Michaela Dodge: Introducing problems into nuclear command and control because you don't like who is the President, which by the way, Americans elected, that is not the President's problem. That is not the command in control problem.

 

Emily Harris: What problem is it?

 

Michaela Dodge: It's maybe problem on the perception of people who perceive personality of the President.

 

Emily Harris: Some law makers have introduced bills to limit Presidential power to order a nuclear strike. But no one I talked to for this story thinks those have a real chance of going anywhere. Congress is fractured, and it would be a big deal to change. The US President has had sole authority since the first bomb was dropped in 1945.

 

Then Michaela mentions a different threat. She doesn't worry about Trump.

 

Michaela Dodge: What I worry about is how the Russians think about using nuclear weapons.

 

Emily Harris: This makes a lot of sense to hear from her. She grew up in the Czech Republic, a tiny country that's been a frontline over the Russian/US rivalry for decades. And she's not the only one weary of Russian nukes.

 

Mike Rogers: Russia continues to conduct dangerous nuclear exercises directed against the United States, NATO allies ...

 

Emily Harris: That's republic Congressman, Mike Rogers.

 

Susan Davis: I think we're all concerned about the Russian doctrine of escalating to de-escalate.

 

Emily Harris: That's democratic Congresswoman, Susan Davis. And here's Secretary of Defense, Jim Mattis.

 

Jim Mattis: Moscow advocates a theory of nuclear escalation for military conflict, and we cannot ignore their investments in nuclear weapons.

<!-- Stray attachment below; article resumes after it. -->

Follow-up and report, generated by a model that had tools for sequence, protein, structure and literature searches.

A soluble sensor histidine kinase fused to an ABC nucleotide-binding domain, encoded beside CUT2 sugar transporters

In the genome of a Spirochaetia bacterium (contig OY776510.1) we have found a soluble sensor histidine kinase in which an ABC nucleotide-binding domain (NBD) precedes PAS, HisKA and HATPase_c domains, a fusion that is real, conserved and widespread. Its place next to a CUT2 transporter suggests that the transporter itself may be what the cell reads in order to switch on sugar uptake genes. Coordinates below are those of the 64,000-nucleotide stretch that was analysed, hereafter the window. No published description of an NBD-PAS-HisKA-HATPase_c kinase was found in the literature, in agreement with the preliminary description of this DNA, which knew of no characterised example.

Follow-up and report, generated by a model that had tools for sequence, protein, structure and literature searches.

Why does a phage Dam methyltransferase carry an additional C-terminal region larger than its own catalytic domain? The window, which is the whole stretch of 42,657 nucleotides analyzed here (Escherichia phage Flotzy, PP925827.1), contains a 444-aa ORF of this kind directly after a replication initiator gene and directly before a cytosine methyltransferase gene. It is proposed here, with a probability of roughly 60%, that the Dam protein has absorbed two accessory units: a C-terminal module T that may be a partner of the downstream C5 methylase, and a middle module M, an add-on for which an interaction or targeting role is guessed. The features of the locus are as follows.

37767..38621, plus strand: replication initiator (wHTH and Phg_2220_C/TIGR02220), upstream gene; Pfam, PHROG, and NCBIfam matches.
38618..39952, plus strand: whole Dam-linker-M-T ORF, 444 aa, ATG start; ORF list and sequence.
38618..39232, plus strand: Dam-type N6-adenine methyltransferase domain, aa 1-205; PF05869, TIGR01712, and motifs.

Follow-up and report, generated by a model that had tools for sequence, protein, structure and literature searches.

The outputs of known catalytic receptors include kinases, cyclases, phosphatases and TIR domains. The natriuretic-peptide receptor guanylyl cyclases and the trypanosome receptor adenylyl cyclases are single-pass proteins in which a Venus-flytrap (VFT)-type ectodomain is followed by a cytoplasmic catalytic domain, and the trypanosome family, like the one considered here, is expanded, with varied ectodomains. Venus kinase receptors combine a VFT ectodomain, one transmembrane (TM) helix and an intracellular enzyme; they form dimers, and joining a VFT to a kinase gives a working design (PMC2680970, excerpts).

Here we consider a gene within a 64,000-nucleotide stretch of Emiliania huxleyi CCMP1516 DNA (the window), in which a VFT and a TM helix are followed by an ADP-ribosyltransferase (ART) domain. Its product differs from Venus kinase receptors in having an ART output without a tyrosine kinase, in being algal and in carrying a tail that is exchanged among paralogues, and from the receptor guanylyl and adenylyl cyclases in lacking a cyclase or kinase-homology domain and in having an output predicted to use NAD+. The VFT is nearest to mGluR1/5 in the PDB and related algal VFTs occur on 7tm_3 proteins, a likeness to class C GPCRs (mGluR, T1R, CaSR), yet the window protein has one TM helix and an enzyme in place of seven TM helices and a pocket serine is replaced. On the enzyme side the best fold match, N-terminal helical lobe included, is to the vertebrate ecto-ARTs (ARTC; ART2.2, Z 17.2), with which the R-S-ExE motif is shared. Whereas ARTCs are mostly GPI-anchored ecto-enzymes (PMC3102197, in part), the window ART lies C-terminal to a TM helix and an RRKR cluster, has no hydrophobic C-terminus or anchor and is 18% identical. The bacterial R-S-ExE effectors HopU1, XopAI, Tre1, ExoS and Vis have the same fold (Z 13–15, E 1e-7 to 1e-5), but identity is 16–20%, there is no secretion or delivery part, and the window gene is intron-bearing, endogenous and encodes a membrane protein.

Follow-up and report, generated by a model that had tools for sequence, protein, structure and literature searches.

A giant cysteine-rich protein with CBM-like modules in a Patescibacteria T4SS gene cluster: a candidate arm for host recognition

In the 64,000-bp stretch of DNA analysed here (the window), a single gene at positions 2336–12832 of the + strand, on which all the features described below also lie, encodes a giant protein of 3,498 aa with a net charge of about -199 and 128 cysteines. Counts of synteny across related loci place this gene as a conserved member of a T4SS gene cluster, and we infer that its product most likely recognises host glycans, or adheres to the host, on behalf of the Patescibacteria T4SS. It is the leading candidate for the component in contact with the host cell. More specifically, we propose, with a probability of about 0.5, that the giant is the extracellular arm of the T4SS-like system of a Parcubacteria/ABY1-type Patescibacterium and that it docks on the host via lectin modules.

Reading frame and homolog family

Emily Harris: Last month, the Trump Administration rolled out its new Nuclear Weapons Strategy. It's a 100 page document, and it mentions Russia 127 times. That's more than twice as often as North Korea, or China. So, what's the plan all about?

 

President Trump: As part of our defense, we must modernize and rebuild our nuclear arsenal, hopefully never having to use it, but making it so strong and so powerful that it will deter any acts of aggression by any other nation, or anyone else.

 

Emily Harris: While some people see Trump's temperament as a reason to reign in the President, the new plan argues for expanding his nuclear options. It envisions the biggest spike in nuclear weapons spending since the Cold War. It doubles the current costs for several years, adding up to more than $1.2 trillion dollars over the next three decades.

 

President Obama also favored modernizing the arsenal, but President Trump takes things further. He's made it clear the US might use nukes in response to a non-nuclear attack, and he wants new kinds of weapons.

 

President Trump: We're going to be so far ahead of everybody else in nuclear like you've never seen before.

 

Emily Harris: This feels familiar. During the arms race of the Cold War, the US and Russia, then the Soviet Union, upped their arsenals to threaten total annihilation. A 1983 TV movie called, The Day After, captured the fears of those times.

 

In the movie, multiple mushroom clouds erupt across the Midwest plains. In a flash, families are transformed into glowing skeletons. I was a kid then, and like many, I sometimes lay awake at night, afraid of nuclear war. So, are we headed back to that threat of US/Russia annihilation? Maybe. Maybe not.